Often overlooked in favour of Giza, Saqqara is a far more varied archaeological site, and is much less crowded, both with tourists and the tat-hawkers that tend to go with them.
Here, you get to see the earliest pyramid – the so-called ‘Step Pyramid’, which is still impressive in size and is set in a partly-restored ‘complex’ of buildings. Various other pyramids in more or less romantically-ruinous states are scattered around the site, together with some of the most wonderfully decorated private tombs in Egypt.
With these, though, as with lots of sites in Egypt, it’s almost impossible to say what will be open and what won’t, because that information seems to change rather haphazardly. Get here under your own steam by a taxi from Cairo to make sure you can wander around the many acres of ruins without worrying about getting back on to a coach.
One thing not to miss is the pyramid of Unas – start at his pyramid and then walk down its ‘causeway’, which has private tombs built all around it.
Giza can be a nightmare. Its atmosphere has been ruined by the road, the coaches, the thousands of tourists and a seemingly equal number of Egyptians offering tacky souvenirs and camel rides at inflated prices. This is no coincidence however, it being the site at which the pharaohs of the Fourth Dynasty at last nailed the art of pyramid building.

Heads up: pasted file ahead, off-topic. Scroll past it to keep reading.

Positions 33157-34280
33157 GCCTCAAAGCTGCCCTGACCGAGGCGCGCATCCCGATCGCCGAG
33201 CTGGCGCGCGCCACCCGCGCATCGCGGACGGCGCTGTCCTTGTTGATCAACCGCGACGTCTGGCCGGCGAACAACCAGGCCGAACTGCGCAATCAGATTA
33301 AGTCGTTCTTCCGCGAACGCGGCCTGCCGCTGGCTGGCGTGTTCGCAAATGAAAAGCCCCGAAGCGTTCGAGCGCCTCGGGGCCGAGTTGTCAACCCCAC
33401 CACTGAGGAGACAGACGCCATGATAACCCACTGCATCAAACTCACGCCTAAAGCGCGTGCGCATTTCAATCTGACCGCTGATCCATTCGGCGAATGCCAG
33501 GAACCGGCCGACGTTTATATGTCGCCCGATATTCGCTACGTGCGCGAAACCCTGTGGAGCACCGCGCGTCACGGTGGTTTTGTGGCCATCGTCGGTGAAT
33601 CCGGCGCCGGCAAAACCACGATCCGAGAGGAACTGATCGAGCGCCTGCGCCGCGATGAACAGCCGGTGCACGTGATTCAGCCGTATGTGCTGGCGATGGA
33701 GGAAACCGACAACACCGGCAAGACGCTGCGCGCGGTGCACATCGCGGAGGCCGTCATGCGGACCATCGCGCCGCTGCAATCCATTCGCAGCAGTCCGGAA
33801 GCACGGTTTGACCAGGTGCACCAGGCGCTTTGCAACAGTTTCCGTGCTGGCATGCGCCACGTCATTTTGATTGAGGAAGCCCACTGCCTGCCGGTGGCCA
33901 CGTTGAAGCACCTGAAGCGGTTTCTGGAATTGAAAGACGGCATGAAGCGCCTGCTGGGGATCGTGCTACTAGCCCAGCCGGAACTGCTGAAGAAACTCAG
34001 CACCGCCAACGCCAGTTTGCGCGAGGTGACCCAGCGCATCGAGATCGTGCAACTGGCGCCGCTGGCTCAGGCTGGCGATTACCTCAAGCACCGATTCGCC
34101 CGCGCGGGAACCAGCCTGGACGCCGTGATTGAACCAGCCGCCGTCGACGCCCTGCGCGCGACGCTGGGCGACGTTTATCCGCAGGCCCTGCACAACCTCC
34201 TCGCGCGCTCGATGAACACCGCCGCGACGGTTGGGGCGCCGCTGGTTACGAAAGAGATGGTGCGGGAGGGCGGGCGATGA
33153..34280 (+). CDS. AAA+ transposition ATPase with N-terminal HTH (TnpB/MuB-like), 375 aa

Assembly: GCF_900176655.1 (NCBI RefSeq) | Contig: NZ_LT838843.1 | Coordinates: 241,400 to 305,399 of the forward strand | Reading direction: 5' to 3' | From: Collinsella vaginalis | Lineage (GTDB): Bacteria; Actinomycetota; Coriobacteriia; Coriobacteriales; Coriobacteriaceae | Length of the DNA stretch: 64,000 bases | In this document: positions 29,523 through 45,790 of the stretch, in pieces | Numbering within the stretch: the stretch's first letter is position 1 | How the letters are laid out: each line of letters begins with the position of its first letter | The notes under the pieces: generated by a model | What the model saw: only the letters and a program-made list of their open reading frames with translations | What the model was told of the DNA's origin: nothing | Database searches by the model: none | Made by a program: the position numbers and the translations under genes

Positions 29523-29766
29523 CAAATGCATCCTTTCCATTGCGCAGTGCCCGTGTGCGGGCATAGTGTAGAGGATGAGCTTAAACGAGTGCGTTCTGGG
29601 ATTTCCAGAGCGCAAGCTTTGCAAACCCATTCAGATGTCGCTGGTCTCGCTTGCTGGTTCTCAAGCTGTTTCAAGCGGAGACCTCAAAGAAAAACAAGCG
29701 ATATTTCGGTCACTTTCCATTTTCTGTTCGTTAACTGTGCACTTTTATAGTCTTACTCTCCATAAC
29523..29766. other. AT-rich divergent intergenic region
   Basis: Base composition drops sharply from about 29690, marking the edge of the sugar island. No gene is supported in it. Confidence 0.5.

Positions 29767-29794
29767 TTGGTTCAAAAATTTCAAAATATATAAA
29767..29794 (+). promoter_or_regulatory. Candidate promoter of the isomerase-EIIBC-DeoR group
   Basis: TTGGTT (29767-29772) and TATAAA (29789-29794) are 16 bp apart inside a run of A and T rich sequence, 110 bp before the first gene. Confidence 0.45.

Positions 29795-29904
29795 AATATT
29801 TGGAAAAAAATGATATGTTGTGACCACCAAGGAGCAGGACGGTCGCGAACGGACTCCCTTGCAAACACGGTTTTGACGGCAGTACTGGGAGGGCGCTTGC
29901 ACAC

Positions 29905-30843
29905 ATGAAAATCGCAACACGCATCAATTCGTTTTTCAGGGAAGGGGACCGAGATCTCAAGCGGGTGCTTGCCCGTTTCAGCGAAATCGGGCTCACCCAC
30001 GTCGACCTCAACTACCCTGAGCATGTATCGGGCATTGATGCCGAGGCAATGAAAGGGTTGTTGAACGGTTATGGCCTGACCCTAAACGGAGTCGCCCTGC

One of their predecessors, Sneferu, did much of the ground work however. He erected two monuments of his own at the much quieter site of Dahshur, a few miles south of Giza.
The earlier of the two is the ‘bent’ pyramid, so-named because the king’s architect got his sums wrong and had to change the angle of incline halfway up. The second, the ‘red’ pyramid was an unqualified success: a straight sided pyramid, smaller only than the great pyramid itself.
The interior of the red pyramid with its corbel vaulted ceiling is well worth a look, and the bent-pyramid preserves much of the outer casing that was stripped from the Giza pyramids centuries ago. The lack of tourists gives you a chance to take in the immensity of these monuments.
Although you kind of have to go to Giza, I highly recommend seeing Dahshur as well – it’s what Giza ought to be like.
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